330px Real GDP of the United States from 1910 1960.svg The Economist was founded by the British businessman and banker James Wilson in 1843


US annual real GDP from 1910 to 1960, with the years of the Great Depression (1929–1939) highlighted.
CPI 1914-2022


  M2 money supply increases Year/Year
220px Money supply during the great depression era The Economist was founded by the British businessman and banker James Wilson in 1843


Money supply decreased significantly between Black Tuesday, October 24, 1929, and the Bank Holiday in March 1933 when there were massive bank runs across the United States.

The causes of the Great Depression in the early 20th century in the United States have been

In their 1963 book A Monetary History of the United States, 1867–1960Milton Friedman and Anna Schwartz laid out their case for a different explanation of the Great Depression. Essentially, the Great Depression, in their view, was caused by the fall of the money supply. Friedman and Schwartz write: “From the cyclical peak in August 1929 to a cyclical trough in March 1933, the stock of money fell by over a third.” The result was what Friedman and Schwartz called “The Great Contraction[8] — a period of falling income, prices, and employment caused by the choking effects of a restricted money supply. Friedman and Schwartz argue that people wanted to hold more money than the Federal Reserve was supplying. As a result, people hoarded money by consuming less. This caused a contraction in employment and production since prices were not flexible enough to immediately fall. The Fed’s failure was in not realizing what was happening and not taking corrective action.[9] In a speech honoring Friedman and Schwartz, Ben Bernanke stated:

Before the Great Depression, the U.S. economy had already experienced a number of depressions. These depressions were often set off by banking crisis, the most significant occurring in 187318931901, and 1907.[13] Before the 1913 establishment of the Federal Reserve, the banking system had dealt with these crises in the U.S. (such as in the Panic of 1907) by suspending the convertibility of deposits into currency. Starting in 1893, there were growing efforts by financial institutions and business men to intervene during these crises, providing liquidity to banks that were suffering runs. During the banking panic of 1907, an ad hoc coalition assembled by J. P. Morgan successfully intervened in this way, thereby cutting off the panic, which was likely the reason why the depression that would normally have followed a banking panic did not happen this time. A call by some for a government version of this solution resulted in the establishment of the Federal Reserve.[14]

But in 1929–32, the Federal Reserve did not act to provide liquidity to banks suffering bank runs. In fact, its policy contributed to the banking crisis by permitting a sudden contraction of the money supply. During the Roaring Twenties, the central bank had set as its primary goal “price stability”, in part because the governor of the New York Federal Reserve, Benjamin Strong, was a disciple of Irving Fisher, a tremendously popular economist who popularized stable prices as a monetary goal. It had kept the number of dollars at such an amount that prices of goods in society appeared stable. In 1928, Strong died, and with his death this policy ended, to be replaced with a real bills doctrine requiring that all currency or securities have material goods backing them. This policy permitted the U.S. money supply to fall by over a third from 1929 to 1933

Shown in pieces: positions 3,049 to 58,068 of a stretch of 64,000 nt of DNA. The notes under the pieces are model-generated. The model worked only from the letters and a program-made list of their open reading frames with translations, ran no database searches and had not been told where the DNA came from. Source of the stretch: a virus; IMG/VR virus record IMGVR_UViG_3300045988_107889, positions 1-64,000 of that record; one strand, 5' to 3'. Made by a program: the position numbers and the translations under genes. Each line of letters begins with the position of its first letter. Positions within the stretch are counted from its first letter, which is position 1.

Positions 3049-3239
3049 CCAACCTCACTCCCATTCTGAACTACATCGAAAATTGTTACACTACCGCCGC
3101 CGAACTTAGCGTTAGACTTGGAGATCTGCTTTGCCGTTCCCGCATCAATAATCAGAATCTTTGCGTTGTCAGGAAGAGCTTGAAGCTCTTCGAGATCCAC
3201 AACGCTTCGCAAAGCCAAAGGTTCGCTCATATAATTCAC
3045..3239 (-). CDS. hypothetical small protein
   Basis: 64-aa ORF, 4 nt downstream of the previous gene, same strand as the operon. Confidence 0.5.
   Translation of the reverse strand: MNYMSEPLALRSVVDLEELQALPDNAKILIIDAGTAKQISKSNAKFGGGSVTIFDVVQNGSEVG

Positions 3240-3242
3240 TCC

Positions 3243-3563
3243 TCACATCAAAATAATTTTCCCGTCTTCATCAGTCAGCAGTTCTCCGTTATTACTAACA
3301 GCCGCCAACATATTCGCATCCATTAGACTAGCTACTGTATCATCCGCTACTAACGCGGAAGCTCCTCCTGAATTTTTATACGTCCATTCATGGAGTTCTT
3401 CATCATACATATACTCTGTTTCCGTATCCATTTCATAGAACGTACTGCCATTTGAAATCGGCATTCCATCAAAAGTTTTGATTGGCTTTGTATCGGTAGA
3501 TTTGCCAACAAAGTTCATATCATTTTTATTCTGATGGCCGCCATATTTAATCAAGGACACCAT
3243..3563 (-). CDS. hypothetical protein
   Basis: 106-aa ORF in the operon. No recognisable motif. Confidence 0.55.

Additional modern nonmonetary explanations.

The monetary explanation has two weaknesses. First, it is not able to explain why the demand for money was falling more rapidly than the supply during the initial downturn in 1930–31.[21] Second, it is not able to explain why in March 1933 a recovery took place although short term interest rates remained close to zero and the money supply was still falling. These questions are addressed by modern explanations that build on the monetary explanation of Milton Friedman and Anna Schwartz but add non-monetary explanations.

Debt deflation.
220px U.S. Public and Private Debt as a %25 of GDP The Economist was founded by the British businessman and banker James Wilson in 1843


220px American union bank The Economist was founded by the British businessman and banker James Wilson in 1843


Crowd at New York’s American Union Bank during a bank run early in the Great Depression.
220px Crowd outside nyse The Economist was founded by the British businessman and banker James Wilson in 1843


Crowd gathering on Wall Street after the 1929 crash.

Total debt to GDP levels in the U.S. reached a high of just under 300 per cent by the time of the Depression. This level of debt was not exceeded again until near the end of the 20th century.[22]

Jerome (1934) gives an unattributed quote about finance conditions that allowed the great industrial expansion of the post-W.W.I period: